Dermatology Association of Tallahassee
Armand B. Cognetta Jr., M.D.
Earl Stoddard M.D.
Molly Warthan M.D.
Jerry Edwards REMT-P, HT (ASCP)cm
January 28, 2011
Dermatology Associates is a seven-person dermatology group with two Mohs surgeons, a fellow, an in-house plastic surgeon, and a dermatopathologist. We care for patients referred to us from about a 100-mile radius by dermatologists in lower Alabama, South Georgia, and the Florida Panhandle, as well as our own dermatologists and local and regional physicians.
Many of our patients have multiple cancers at the time of referral for Mohs Micrographic surgery. Depending on the location, size, depth, and aggressiveness of the individual tumor, and factoring in the patient’s age, health status, coagulation status, and what we term frailty index, we discuss Mohs surgery versus superficial radiation therapy (SRT) as part of the informed consent in patients over the age of 65. During this discussion of radiation, we offer treatment in our office of the SRT-100 or referral to local radiation oncologist. Approximately 10% of patients over the age of 65 referred for Mohs choose SRT. We have been providing this option for 25+ years and recently calculated our ten-year cure rates which compare very favorably to Mohs Micrographic surgery.
The patient has a history of difficult skin cancers including 6 on her nose in the recent past. She has had numerous other skin cancers as well. She has a history of hypertension and diabetes.
The patient had 4 skin cancers on her nose 3 of which were treated with Mohs, 1 of which was treated with Superficial x-ray. On a follow-up visit 2 more skin cancers were found on her nose and treated with Mohs. See discussion below.
The clinical lesion was identified and circled. Then an 8-10 mm border was drawn around this. The tumor depth was estimated to be <5 mm. A 0.762 mm thick lead shield was fashioned to include a 2 cm field and placed over the lesion and extended field. Eye shielding and thyroid shielding were done. Using the Sensus RT machine with a 3 cm cone, 5 fractions of 700 cGy were delivered at 50 kv, 10 ma with a D1/2 of 5.8 mm. The patient received a total of 3500 cGy to the area over a two week period.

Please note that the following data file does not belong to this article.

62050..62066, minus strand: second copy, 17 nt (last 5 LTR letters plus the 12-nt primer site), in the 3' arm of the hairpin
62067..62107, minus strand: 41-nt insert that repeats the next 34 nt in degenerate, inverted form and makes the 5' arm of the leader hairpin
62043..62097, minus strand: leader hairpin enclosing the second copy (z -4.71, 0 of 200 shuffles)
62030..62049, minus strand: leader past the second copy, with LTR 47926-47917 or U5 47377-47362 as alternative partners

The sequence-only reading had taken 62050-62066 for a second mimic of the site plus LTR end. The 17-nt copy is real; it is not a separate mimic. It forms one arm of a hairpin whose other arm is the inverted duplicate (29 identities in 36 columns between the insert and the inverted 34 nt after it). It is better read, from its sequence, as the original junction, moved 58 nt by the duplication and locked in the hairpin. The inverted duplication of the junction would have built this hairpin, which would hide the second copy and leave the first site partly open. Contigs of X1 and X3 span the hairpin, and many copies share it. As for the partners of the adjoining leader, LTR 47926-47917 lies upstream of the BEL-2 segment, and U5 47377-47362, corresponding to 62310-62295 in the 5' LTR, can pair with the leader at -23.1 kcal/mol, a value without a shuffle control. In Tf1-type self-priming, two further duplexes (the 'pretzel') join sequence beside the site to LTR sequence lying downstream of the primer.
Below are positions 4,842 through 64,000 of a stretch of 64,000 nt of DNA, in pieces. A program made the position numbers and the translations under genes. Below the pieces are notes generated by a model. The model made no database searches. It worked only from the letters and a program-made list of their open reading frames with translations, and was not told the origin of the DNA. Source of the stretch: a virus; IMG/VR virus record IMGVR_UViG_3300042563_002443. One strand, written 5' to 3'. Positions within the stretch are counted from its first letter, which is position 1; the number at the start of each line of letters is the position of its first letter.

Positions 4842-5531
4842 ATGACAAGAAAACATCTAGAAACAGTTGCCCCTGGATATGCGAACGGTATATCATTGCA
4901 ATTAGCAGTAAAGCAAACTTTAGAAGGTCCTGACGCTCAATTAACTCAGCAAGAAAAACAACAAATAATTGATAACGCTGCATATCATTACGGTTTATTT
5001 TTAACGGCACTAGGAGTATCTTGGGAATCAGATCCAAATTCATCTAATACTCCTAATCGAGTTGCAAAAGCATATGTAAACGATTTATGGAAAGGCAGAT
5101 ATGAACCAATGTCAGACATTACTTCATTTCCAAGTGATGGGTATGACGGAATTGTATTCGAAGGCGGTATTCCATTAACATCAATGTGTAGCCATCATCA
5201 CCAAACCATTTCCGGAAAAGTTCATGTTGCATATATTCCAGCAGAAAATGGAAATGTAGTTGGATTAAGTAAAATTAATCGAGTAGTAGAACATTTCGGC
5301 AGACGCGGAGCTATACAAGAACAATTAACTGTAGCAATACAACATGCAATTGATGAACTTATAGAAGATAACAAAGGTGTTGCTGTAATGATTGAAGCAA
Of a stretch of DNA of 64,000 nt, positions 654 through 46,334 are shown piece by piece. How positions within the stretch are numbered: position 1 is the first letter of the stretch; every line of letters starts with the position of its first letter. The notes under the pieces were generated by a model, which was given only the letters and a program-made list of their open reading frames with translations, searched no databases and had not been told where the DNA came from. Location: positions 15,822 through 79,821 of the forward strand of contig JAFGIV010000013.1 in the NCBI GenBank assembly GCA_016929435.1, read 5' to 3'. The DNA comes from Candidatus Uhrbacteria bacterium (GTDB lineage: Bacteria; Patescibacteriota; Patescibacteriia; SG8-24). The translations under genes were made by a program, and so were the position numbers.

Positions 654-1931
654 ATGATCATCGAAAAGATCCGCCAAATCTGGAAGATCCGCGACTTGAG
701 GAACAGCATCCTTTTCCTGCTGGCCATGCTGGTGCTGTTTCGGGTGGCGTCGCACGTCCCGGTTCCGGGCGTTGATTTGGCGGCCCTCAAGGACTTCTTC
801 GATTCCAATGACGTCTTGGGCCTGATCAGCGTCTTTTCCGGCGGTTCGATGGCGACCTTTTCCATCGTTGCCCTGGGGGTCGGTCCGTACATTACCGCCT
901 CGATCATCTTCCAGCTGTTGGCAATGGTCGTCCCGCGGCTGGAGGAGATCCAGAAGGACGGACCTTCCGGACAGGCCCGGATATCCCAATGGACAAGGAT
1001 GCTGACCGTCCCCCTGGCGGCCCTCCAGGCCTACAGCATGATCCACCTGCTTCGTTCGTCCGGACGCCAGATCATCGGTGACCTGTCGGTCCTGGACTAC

The patient presents with biopsy proven Nodular BCC labeled #1. There is a suspicious lesion on the right ala labeled #2 this was biopsied and found to be a Nodular BCC. A second suspicious lesion labeled #3, is identified inferior to site #1, this was biopsied and found to be a Nodular BCC. A third suspicious lesion labeled #4, is identified superior to site #1, this is biopsied and found to be a Nodular BCC.
Sites 1,3 and 4 were along the midline nose and after Mohs were amenable to a midline closure with excellent cosmetic result seen on post op day 212. Site 2 on the alar rim, if approached with Mohs would have led to a defect which encroached on the alar rim. This would have required a full thickness skin graft or a bilobed flap; both of these options are complex and can result in a deformity (i.e) notching of the alar rim, pi-cushioning, or collapse of the ala with a valve effect. Superficial x-ray in this setting results in minimal scarring and deformity.
Mohs sites delineated with a Linear mark. The previous x-ray site is on the right tip of nose. The patient will complete a six week course of topical 5% imiquimod cream on her entire nose.
The patient tolerated the combination of Mohs Micrographic surgery and superficial x-ray treatments very well. The patient has been followed up long term with excellent cosmetic result.